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In this article at section 2. Toric geometry and Mirror Symmetry there is the statement that CY 3-folds are $T^2 \times \mathbb{R}$ fibrations over the base $\mathbb{R}^3$. Now, my questions refers to pages 3 and 4. Although I have some familiarity with fiber bundles I cannot figure out what this actually means.

Can you "dumb down" this for me? Explain what this fibration actually means (maybe using a familiar example) and tell me how they get this diagram of Fig. 1?

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There is a map $F:\mathbb C^3 \to \mathbb R^3$ given by

$$F (z_1, z_2, z_3) = (|z_1|^2 - |z_3|^2, |z_2|^2 - |z_3|^2, Im(z_1z_2z_3))$$

Then one can think of $\mathbb C^3$ as a "fibration" of $\mathbb R^3$:

$$\mathbb C^3 = \bigcup_{x\in \mathbb R^3} F^{-1}(x).$$

One can check that when $x$ does not lie in the "degenerate locus" in figure 1, then $F^{-1}(x)$ is diffeomorphic to $T^2 \times \mathbb R$. Note also that all $F^{-1}(x)$ are special Lagrangian. Special Lagrangian fibration are of great interest in mirror symmetry.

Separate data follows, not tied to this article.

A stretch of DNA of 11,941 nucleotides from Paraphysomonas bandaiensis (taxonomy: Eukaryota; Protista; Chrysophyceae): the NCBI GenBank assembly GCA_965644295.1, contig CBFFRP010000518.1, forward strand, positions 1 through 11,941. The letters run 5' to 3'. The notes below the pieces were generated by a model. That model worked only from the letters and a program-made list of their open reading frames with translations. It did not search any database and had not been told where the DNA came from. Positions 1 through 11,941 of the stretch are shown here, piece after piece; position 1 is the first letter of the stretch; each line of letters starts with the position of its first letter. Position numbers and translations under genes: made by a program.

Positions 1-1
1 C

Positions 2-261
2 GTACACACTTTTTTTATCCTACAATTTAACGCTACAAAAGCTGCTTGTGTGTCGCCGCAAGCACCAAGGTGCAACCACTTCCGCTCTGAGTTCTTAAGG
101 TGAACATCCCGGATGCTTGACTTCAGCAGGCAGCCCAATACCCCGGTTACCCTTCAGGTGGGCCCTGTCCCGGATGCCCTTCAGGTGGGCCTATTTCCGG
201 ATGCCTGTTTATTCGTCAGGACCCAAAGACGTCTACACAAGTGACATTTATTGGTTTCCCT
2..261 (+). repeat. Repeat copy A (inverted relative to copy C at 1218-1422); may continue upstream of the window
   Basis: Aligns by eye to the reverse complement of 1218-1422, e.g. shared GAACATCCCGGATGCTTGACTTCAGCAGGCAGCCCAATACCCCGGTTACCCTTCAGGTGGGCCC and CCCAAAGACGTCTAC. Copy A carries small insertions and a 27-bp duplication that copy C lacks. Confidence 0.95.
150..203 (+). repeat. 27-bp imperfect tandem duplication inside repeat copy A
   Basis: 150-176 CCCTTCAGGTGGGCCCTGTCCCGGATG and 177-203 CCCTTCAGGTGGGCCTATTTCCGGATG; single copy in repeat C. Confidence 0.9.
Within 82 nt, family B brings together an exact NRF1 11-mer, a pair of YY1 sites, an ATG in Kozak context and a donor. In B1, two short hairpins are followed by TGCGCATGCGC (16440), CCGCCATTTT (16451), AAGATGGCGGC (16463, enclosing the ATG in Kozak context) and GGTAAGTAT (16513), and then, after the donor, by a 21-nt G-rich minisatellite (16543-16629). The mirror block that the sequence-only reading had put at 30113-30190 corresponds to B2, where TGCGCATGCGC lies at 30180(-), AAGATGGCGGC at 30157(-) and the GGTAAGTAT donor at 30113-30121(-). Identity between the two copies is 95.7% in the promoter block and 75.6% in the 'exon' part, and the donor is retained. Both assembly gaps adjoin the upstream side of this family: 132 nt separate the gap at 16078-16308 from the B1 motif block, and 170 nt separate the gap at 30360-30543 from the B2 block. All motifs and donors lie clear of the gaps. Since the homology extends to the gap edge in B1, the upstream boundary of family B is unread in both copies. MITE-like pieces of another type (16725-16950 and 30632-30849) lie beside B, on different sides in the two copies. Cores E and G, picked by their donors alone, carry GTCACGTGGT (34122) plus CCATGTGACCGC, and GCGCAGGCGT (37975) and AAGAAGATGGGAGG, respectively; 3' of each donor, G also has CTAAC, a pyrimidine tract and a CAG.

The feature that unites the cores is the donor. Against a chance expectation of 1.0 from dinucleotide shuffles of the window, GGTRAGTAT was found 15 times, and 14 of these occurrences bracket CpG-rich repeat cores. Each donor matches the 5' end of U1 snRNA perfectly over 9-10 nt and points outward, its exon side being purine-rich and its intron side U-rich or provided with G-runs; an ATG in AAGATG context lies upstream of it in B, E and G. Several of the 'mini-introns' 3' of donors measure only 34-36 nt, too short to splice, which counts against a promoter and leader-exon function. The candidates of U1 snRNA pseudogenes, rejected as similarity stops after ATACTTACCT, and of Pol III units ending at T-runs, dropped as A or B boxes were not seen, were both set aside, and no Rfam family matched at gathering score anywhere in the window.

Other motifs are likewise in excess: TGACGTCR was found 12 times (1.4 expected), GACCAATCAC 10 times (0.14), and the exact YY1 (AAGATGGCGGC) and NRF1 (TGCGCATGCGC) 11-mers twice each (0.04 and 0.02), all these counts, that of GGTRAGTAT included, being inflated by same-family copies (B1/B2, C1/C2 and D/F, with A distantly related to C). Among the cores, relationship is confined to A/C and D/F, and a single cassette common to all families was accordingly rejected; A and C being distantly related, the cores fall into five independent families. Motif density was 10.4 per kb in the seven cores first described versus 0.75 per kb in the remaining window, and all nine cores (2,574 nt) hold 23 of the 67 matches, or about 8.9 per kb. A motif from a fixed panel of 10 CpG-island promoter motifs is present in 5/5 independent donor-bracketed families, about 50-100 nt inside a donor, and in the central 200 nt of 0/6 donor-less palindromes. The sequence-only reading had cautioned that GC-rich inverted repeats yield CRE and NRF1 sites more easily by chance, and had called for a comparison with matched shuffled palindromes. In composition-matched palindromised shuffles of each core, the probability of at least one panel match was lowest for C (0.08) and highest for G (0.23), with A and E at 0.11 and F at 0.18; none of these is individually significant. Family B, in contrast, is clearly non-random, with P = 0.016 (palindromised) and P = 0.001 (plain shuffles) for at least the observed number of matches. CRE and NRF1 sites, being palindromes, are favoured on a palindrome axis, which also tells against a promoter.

It is not true that all CY 3 folds are of this form locally. I do not know if this is true for toric CY 3 folds though.

Note that "fibration" in this case is not the same as a fiber bundle, as some of the fibers are not homotopic to each other.

I am no expert in this field, but to get an introduction to special Lagrangian fibration, you may take a look at "Calabi-Yau Manifolds and Related Geometries"

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  • $\begingroup$ Hello and thanks a lot for your answer. It is helpful. I am interested in understanding the philosophy of these fibrations at this point rather than become an expert. what is the "degenerate locus" in Figure 1? Can you elaborate a bit further onto the diagram? That would be very helpful, thanks a lot. $\endgroup$
    – Marion
    Apr 4, 2015 at 10:48

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